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    While scientists do not know what causes cancer, they believe childbirth may increase the possibility of a diagnosis, according to a new report.  >> On AJC.com: Avoid this meat to prevent breast cancer, study says Researchers from the University of North Carolina's Lineberger Comprehensive Cancer Center recently conducted a study, published in the Annals of Internal Medicine, to determine the association between the disease and childbirth.  To do so, they gathered data from 15 previous studies that examined a total of 889,944 women. They assessed breast cancer risk after childbirth and considered other factors, including breastfeeding and family history of breast cancer. >> Read more trending news  After analyzing the results, they found younger women who have recently had a child may have a higher risk of breast cancer compared to their peers of the same age who do not have children. In fact, the risk for moms 55 and younger was about 80 percent higher and the chances of developing it was highest five years after giving birth. The risk leveled off 23 years after giving birth. “What most people know is that women who have children tend to have lower breast cancer risk than women who have not had children, but that really comes from what breast cancer looks like for women in their 60s and beyond,” co-author Hazel Nichols said in a statement. “We found that it can take more than 20 years for childbirth to become protective for breast cancer, and that before that, breast cancer risk was higher in women who had recently had a child.” >> On AJC.com: What new breast cancer study means for patients facing chemo Despite their findings, the scientists noted overall risk of breast cancer is still low for mothers after pregnancy. They also discovered their results didn’t apply to all younger women. Risk was higher for women who had their first child after 35, but there was no increased risk of breast cancer after a recent birth for women who had their first child before 25. “This is evidence of the fact that just as breast cancer risk factors for young women can differ from risk factors in older women, there are different types of breast cancer, and the risk factors for developing one type versus another can differ,” Nichols said. The authors now hope their investigations will help improve prediction of breast cancer and lead to greater awareness among young mothers.  >> On AJC.com: Breast cancer treatment may trigger heart problems, study says “There are many ongoing studies that are trying to improve our ability to do breast cancer risk prediction on the individual level,” Nichols concluded. “This is one piece of evidence that can be considered for building new prediction models.”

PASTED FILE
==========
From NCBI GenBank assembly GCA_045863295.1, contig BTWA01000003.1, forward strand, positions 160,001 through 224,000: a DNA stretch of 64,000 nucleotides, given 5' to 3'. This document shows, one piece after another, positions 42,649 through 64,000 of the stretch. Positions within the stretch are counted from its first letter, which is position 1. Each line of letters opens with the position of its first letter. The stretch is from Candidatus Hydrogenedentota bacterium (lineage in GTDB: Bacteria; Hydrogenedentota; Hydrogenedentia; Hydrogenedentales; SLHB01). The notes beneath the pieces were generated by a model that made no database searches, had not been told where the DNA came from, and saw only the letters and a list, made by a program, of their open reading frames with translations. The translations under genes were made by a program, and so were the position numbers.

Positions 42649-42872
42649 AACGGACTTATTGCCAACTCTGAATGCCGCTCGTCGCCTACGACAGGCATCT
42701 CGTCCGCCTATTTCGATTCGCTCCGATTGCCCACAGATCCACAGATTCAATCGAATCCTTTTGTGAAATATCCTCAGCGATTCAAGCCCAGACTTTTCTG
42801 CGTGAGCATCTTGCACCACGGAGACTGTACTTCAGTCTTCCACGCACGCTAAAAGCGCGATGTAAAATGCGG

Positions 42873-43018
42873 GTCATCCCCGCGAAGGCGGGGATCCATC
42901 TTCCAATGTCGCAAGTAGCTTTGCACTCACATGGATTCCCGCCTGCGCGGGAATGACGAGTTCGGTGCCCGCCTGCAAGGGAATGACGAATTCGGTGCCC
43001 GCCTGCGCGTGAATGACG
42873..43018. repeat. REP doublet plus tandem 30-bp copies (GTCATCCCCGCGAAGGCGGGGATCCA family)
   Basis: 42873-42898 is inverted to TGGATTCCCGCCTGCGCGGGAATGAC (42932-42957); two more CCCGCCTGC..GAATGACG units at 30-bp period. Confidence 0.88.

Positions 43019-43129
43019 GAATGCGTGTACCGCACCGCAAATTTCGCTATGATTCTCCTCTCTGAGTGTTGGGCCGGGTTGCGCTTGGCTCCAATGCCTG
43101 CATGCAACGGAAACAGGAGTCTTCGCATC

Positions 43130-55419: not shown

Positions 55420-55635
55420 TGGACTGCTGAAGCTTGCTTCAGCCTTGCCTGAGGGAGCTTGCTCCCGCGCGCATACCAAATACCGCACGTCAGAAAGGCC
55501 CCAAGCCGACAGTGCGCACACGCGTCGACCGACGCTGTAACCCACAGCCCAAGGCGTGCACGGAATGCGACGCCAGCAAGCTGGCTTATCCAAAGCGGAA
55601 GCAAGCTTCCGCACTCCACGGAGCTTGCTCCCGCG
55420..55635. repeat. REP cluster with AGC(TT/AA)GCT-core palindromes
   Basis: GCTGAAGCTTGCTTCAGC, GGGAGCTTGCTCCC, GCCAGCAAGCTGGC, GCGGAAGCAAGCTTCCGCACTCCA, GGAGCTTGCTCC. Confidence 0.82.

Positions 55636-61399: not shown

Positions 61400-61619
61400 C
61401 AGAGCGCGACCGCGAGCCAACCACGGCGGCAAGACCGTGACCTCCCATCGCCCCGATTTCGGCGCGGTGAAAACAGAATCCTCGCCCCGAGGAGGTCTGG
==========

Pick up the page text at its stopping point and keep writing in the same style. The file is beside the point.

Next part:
• The Gold Coin Phantom has struck again, conspicuously dropping a gold coin worth around $1,200 into one of the Salvation Army’s Red Kettle donation buckets in Springfield, Ohio. >> Secret Santa drops gold coin into Salvation Army red kettle This is at least the third year in a row an anonymous donor has dropped a gold South African Krugerrand into a Red Kettle donation bucket in the area. The most recent donation was made over Thanksgiving weekend at the Kroger on North Bechtle Avenue. “We were excited again this year to discover the Gold Coin Phantom had struck again,” said Ryan Ray, development director of the Salvation Army Springfield. “They really conceal who they are and what they are doing. I can’t tell you much of anything and we are not planning on investigating either. We are just very honored.” This holiday season, the gold coin has a bit of extra meaning for the Salvation Army because the Red Kettle Campaign is shorter this year and in need of as many donations as possible to average last year’s donations, according to Ray. >> Need something to lift your spirits? Read more uplifting news  The donor uses the same method every year to make the donation, Ray said. “They wrapped it up in a $100 bill, placed it in our kettle and went on about their way, without us knowing who it is,” Ray said Wednesday. The volunteer who manned the bucket, from which the coin was pulled, said he was unaware who placed the coin and wasn’t really sure what was there, “but I kind of figured because I saw the color, but I just say what I say, ‘God’s good, God’s great, He’s awesome all the time; yes He is. God bless you, thank you,’ ” said Michael Davis, a Salvation Army Red Kettle volunteer. The “Gold Coin Phantom, sets an example for other people that giving back can be fun, it can be creative, unique. It gives us a breathe of fresh air. It means a lot. We love whoever is doing this,” Ray said. >> Read more trending news  Ray said he wants to remind the community as they walk past Red Kettles over the next few weeks that the Salvation Army uses the money to provide vital services to Springfield area residents. Those services include operating homeless shelters, supplying electricity and heat and clothing and food to those in need, working with at-risk children and providing camp opportunities for children with disabilities. Red Kettle season began Friday, Nov. 23 and ends on Christmas Eve.